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Dermatology Online Journal

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Rituximab and intravenous immunoglobulin as alternatives to long-term systemic corticosteroids in the treatment of pemphigus: a single center case series of 63 patients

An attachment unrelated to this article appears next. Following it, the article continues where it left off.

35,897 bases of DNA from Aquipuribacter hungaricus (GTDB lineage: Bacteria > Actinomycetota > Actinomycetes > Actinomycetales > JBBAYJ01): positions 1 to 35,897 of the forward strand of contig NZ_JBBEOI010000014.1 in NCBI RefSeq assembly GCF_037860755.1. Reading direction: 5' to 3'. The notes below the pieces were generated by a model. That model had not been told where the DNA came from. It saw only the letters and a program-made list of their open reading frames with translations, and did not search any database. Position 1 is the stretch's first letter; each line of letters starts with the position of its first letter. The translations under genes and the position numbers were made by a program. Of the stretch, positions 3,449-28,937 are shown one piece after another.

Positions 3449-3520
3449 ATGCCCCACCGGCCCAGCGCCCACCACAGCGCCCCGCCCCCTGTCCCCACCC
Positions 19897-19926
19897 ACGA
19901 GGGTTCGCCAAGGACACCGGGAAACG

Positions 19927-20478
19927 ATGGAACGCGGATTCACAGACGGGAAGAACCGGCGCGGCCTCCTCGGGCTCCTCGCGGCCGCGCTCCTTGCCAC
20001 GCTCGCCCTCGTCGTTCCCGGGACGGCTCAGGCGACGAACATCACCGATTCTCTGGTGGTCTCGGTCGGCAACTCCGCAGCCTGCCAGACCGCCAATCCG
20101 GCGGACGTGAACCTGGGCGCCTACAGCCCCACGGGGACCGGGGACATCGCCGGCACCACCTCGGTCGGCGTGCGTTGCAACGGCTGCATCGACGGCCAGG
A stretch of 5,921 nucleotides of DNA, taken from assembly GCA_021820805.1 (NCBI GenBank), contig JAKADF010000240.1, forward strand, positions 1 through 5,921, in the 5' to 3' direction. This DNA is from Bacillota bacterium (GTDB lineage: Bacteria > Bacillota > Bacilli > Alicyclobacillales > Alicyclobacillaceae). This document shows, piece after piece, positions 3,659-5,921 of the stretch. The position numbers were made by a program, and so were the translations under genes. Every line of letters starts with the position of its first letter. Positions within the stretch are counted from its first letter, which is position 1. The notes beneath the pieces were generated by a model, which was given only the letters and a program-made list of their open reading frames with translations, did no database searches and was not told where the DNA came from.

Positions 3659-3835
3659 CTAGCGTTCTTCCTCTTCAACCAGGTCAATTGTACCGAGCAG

Rituximab and intravenous immunoglobulin [IVIg] have recently emerged as effective treatments for pemphigus refractory to corticosteroids [CS]. This case series sought to compare the clinical, serologic,and adverse effects of CS, IVIg, and rituximab in patients with pemphigus. A retrospective review of 63 patients with pemphigus vulgaris (PV), pemphigus foliaceus (PF), or paraneoplastic pemphigus (PNP)was performed. Clinical remission (CR), serologic remission (SR), and adverse effects were evaluated. Three study groups were compared: patients treated with systemic CS, refractory patients treated withIVIg, and refractory patients treated with rituximab. The overall number of adverse effects was not significantly different between the groups but those observed in patients treated with systemic CS weremore severe. CR was less likely in the patients treated with systemic CS than in patients treated with IVIg or rituximab, P-value = 0.000467. SR was more likely in patients treated with systemic CS or rituximab thanin patients treated with IVIg, P-value = 0.002118. These results suggest that the clinical efficacy of IVIg is not correlated with an expected concomitant SR. Frequently reserved for refractory pemphigus,IVIg and rituximab are significantly more likely to produce clinical remission than systemic CS therapy, suggesting their utility as first-line treatments.

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